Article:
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Report from the FHP Real Lab Excursion "What does the EU have to do with Social Work?" to Brussels

Studierende stehen im Plenarsaal des Europäischen Parlaments in Brüssel

From the 25th to the 29th of April 2022, students were in Brussels. The aim of the excursion was to meet those involved in European social policy in order to better understand the EU concept and its influence on the social work profession. The aim was also to find out more about the so-called Pillar of Social Rights and the EU's action programme to implement the goals set out there.

– A report by Raja-Maria Conradt, Samira Wacker and Arne von Boetticher

As part of the "What does the EU have to do with social work?" living lab, eight of us set off for Brussels with Prof. von Boetticher at the end of April 2022. The aim of the excursion was to meet players in European social policy in order to better understand the concept of the EU and the influence of this "apparent giant" on the social work profession. It was also about finding out more about the so-called Pillar of Social Rights and the EU's action programme to implement the goals set out there. We got to know NGOs, the representation of the state of Brandenburg and an EU parliamentarian, visited the premises of the EU Parliament and were able to experience political life in Brussels for a few days.

Visits to the Parlamentarium and organisations

The first item on the programme was a visit to the Parlamentarium. The exhibition tells the story of how the EU came into being and shows key historical moments in Europe over the last few decades. It was exciting to realise how key moments in European unification can ultimately be traced back to the commitment of a few people in particular.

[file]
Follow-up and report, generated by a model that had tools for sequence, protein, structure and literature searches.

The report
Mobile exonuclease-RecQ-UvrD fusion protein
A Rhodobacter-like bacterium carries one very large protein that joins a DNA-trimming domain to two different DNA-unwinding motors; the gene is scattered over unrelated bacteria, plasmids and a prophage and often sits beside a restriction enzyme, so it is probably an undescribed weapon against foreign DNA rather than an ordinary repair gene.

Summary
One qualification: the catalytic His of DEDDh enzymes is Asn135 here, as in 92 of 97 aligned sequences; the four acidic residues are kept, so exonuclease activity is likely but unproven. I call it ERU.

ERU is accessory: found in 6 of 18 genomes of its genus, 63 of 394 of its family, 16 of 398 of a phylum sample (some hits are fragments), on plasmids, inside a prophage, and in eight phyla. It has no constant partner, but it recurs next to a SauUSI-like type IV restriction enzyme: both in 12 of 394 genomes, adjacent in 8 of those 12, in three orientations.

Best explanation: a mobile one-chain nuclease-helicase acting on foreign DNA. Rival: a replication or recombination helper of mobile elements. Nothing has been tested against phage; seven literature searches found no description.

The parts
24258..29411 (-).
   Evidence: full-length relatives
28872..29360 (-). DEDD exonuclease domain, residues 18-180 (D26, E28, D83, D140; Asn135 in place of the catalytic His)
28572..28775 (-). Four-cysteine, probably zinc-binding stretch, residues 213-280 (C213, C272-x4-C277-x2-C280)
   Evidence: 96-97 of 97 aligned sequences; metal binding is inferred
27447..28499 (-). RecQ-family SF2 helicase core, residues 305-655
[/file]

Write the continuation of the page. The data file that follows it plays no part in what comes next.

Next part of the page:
The first organisation we visited was FEANTSA, a non-governmental organisation (NGO) and umbrella organisation for over 120 national organisations working with homeless people. Their goal is to end homelessness in Europe by 2030. We were able to learn more about the different priorities of homelessness assistance and its organisation at EU level, as well as information about newer approaches, such as the "Housing First" concept.

We were then welcomed at the"Social Platform". Similar to FEANTSA, the Social Platform is an umbrella organisation that campaigns for social rights at EU level and represents the interests of its member organisations in Brussels. Our conversation with Alva Fynn, Secretary General of Social Platform, gave us an impressive insight into how the organisation tries to set the tone in EU social policy with personal commitment and a TEAM of (only!) six people.

The umbrella organisations of non-statutory welfare services in Germany, including theGerman Caritas Association, work together on the premises of the Bundesarbeitsgemeinschaft der Freien Wohlfahrtspflege e. V.(BAGFW-EU). On the second day, we met a representative of the BAGFW-EU and a representative of Caritas. Both organisations are involved in social, education and health policy discussions at European level. One current topic is a European minimum income in the sense of a subsistence minimum in all member states depending on the respective economic performance. On the one hand, this involvement takes place in a formalised way as a member of the European Economic and Social Committee, which is made up of representatives from all areas of organised civil society and has an advisory function. On the other hand, the work is carried out informally by submitting statements, holding personal discussions and organising events. Afterwards, we fortified ourselves with the often recommended chips at"Maison Antoine", where our former German Chancellor was a customer, and explored either the House of European History or Brussels city centre.